Friday, May 03, 2019

Pensioning Off Pension Debt To Towns

The Democrat plan to “to have cities and towns share in the cost of public school teachers’ pensions,” as the Hartford Courant put it in a recent story, continues to be “controversial,” perhaps the understatement of the year. The plan would “cost municipalities a combined $73 million a year and would lead to property tax increases across the state.”

The principal spokesman for the Connecticut Conference of Municipalities, Kevin Maloney, has characterized the plan to shift to towns some cost of pensions without giving the towns the opportunity to cut spending by reducing teacher salaries and benefits  as “the largest unfunded state mandate in recent memory,” and the executive director of the Connecticut Council of Small Towns Betsy Gara has said, “Shifting $73 million in pension costs onto the backs of already overburdened homeowners and other property taxpayers will diminish housing values, undermining our state and local economies."

Local government relies on property taxes to run municipal governments, and here too the state plans to partly deprive these rival municipal governments of their means of financing through a series of measures: eliminating property tax on cars, raising the tax on home ownership by boosting from 70% to 100%  the assessed value of houses, and more.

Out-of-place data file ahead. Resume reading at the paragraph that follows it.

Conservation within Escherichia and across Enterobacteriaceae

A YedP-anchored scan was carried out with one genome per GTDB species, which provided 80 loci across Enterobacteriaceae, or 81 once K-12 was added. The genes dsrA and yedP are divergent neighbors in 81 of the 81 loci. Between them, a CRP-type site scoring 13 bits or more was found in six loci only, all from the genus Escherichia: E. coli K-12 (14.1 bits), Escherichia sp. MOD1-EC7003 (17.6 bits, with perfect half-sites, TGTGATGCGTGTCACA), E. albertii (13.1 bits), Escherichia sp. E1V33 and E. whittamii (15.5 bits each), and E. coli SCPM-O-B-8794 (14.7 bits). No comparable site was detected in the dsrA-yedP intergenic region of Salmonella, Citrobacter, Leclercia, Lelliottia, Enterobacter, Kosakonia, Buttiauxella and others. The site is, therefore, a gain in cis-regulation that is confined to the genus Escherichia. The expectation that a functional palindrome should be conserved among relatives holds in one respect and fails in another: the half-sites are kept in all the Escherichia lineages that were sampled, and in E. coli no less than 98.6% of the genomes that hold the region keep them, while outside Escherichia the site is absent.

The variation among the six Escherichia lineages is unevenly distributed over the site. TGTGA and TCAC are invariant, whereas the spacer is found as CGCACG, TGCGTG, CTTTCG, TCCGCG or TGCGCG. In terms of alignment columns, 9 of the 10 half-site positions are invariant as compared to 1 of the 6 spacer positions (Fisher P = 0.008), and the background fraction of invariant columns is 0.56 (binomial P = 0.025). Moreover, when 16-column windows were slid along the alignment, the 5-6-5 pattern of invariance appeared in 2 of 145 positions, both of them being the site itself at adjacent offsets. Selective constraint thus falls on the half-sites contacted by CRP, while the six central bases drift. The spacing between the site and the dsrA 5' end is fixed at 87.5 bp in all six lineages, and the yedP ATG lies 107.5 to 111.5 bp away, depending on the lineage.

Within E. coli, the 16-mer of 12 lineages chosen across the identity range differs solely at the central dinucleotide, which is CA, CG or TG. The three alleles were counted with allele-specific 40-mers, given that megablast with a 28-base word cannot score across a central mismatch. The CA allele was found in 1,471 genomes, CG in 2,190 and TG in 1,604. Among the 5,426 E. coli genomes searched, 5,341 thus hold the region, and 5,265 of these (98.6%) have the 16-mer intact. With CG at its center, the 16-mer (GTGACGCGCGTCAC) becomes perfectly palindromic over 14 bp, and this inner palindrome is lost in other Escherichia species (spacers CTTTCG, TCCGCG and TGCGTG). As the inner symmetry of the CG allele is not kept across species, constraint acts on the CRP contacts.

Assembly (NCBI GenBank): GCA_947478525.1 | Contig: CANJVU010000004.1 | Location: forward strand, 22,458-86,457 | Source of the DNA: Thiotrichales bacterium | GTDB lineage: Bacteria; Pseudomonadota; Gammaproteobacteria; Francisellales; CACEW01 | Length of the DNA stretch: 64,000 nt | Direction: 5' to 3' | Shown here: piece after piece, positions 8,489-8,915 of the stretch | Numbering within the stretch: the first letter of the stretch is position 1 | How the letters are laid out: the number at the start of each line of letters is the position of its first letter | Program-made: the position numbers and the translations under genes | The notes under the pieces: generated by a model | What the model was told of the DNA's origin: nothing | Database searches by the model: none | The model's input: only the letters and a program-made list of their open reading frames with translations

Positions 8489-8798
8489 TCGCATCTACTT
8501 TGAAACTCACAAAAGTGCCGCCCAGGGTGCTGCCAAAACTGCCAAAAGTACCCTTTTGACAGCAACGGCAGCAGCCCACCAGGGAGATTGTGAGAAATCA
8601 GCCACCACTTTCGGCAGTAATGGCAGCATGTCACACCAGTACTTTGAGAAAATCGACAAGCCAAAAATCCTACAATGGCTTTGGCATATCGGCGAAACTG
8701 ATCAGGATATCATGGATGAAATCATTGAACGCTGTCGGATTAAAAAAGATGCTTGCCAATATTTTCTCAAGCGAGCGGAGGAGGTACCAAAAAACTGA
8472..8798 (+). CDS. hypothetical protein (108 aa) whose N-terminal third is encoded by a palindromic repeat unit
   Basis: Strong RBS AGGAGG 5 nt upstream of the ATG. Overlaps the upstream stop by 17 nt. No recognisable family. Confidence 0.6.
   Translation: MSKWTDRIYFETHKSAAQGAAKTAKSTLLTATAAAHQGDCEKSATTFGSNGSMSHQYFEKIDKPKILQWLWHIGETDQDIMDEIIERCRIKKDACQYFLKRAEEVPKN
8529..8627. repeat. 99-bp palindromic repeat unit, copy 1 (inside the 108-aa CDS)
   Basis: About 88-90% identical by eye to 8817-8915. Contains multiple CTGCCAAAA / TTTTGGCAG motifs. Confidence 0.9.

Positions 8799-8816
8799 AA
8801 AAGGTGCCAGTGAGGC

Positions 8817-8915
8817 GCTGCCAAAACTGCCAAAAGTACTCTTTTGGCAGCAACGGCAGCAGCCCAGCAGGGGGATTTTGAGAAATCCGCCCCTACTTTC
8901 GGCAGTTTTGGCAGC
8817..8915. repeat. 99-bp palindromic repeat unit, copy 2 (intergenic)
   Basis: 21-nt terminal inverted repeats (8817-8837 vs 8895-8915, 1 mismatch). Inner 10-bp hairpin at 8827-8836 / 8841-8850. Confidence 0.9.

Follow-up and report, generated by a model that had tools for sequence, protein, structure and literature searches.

The characterizations of Maloney and Gara, though true, are not likely to move the legislative needle, now stuck on "Democrat."

Tuesday, April 30, 2019

Connecticut Taxes, Amazon Strikes Back At Willy Loman

Related image
"'s better for a man just to walk away. But if you can't walk away? I guess that's when it's tough” -- Willy Loman, “Death of a Salesman”

The old saying is “You can’t fight City Hall.” That is partly true. City Hall is huge and more powerful than you. The gods of government have resources denied to the little people, but then government is supposed to be on the side of the little people, as is the media, a presumed joint support that tends to even the perpetual battle between the lions of the market place and … let’s call him Willy, after Willy Loman, the chief character in Arthur Miller’s play “Death of a Salesman.”